I have fished with guides a few times, and totally enjoyed the trips. more than once we have ended up empty handed. One particular guide fished me for almost (12) hours on the Oly Pen one day. Two different rivers. We didn’t touch a thing, but he taught me a lot and did more than I could have hoped for.
I tip what I can, but like some guides have mentioned, repeat business is what matters most.
Ya know a lot of folks scrimp and save for the guided trip and don’t really have the money to give for a tip. That doesn’t mean they didn’t like the guide or feel like he didn’t do his best they just can’t afford to give a tip.
I go with a guide at least 2-3 times a year, have good friends that are guides still say they get good money for what they do and if a person can’t afford a tip then they can’t and shouldn’t be put down for it or made to feel like their cheap !!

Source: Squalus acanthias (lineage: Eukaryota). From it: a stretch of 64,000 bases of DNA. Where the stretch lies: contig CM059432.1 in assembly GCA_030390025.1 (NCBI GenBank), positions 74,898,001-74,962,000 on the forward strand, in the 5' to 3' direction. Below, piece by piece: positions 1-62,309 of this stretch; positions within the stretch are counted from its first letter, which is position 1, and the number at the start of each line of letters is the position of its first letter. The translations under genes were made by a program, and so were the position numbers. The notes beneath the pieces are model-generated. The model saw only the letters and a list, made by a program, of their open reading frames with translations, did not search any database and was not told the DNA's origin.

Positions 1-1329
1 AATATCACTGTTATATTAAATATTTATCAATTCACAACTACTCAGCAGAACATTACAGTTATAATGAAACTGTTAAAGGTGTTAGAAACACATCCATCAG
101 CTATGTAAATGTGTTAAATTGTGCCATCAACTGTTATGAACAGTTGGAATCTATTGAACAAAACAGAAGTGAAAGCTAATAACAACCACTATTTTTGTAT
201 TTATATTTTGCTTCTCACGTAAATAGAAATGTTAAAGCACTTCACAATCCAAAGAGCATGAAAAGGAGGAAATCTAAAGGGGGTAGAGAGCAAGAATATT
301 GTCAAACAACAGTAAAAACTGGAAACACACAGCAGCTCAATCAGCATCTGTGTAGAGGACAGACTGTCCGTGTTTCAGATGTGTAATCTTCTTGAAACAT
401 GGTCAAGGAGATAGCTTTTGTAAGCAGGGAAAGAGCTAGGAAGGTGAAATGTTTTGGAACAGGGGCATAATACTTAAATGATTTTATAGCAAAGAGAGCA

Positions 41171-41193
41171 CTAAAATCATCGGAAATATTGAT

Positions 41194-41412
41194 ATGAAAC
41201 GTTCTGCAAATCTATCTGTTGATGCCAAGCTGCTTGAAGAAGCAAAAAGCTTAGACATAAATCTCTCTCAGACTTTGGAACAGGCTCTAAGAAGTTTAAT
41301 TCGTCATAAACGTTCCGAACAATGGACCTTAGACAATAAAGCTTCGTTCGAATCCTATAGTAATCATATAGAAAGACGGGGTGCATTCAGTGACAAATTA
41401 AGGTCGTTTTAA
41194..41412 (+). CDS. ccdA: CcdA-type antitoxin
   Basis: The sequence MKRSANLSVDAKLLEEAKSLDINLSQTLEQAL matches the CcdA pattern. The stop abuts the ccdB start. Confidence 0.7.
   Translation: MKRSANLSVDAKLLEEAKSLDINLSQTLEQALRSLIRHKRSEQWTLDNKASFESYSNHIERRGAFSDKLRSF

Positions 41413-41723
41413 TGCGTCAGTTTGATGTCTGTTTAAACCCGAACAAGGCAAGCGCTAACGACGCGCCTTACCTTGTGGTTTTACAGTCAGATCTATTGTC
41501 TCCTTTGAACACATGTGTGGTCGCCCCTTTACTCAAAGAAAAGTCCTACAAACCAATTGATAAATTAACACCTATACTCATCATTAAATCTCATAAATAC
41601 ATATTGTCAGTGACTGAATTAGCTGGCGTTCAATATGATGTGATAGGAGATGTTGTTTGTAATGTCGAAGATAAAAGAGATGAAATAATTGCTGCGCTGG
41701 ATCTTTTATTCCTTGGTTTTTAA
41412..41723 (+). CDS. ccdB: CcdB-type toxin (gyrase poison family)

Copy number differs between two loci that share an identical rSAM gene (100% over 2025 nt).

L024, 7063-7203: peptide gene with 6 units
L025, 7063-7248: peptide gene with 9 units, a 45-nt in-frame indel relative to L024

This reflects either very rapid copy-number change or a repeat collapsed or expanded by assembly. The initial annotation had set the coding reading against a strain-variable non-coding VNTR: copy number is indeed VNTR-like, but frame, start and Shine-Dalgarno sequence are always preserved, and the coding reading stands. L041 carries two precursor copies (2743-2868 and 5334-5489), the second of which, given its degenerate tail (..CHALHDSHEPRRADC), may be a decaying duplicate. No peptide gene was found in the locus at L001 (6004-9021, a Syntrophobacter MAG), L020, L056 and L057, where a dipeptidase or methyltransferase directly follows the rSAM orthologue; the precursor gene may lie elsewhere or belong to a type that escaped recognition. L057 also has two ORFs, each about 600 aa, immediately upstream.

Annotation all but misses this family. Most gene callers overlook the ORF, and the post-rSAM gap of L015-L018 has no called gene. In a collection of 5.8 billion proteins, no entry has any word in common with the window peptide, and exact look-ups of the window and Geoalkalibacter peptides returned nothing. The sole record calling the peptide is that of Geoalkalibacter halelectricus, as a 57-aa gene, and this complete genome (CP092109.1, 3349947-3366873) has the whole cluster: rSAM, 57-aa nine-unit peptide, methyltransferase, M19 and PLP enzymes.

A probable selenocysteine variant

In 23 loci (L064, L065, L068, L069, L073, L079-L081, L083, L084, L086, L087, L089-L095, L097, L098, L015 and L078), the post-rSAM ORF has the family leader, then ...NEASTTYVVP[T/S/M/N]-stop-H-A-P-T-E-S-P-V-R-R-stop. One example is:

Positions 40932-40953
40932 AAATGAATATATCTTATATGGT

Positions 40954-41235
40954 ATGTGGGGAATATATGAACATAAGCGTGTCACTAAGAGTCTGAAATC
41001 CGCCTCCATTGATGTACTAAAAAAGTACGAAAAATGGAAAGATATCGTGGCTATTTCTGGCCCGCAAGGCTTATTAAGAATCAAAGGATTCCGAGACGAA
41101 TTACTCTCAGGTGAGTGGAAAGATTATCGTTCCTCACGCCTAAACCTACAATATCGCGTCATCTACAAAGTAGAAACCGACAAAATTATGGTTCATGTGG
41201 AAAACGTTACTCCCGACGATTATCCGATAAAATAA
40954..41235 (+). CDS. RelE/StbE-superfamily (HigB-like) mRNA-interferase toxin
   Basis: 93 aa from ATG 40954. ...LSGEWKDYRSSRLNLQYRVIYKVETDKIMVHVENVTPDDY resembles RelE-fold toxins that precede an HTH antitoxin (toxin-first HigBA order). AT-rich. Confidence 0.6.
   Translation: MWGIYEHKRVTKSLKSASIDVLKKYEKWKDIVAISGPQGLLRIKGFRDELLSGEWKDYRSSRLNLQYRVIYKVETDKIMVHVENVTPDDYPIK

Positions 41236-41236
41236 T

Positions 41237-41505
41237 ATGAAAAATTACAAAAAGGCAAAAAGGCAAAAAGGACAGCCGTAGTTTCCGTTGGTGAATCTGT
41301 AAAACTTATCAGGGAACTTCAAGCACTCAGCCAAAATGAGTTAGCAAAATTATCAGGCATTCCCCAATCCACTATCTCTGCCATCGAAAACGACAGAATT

If the guides feel like they need more money then they should charge more for a trip. Times are hard for everyone right now.
As far as “only” working 200 days per year – maybe the guide could wait table in the off season? Or pick berries? Or, like scores of others in the same predicament, do anything that they can do.
And the guides do their work “in the weather” it was said? Uhmmm correct me if I am wrong, almost all of the construction industry, highways industry, heavy equipment, etc etc is done “in the weather”. And guiding is the only business I can think of where the owner gets to use PUBLIC LAND and RESOURCES and to harvest PUBLIC GAME for their personal profit, right?
Nothing wrong with guiding businesses – just the idea that they should get a “tip” or would even accept one, seems way off kilter. You charge what you are worth in any business and you do a good job. Everyone needs to take pride in their work and not to expect “gravy” from a customer when the customer has already paid well for the work.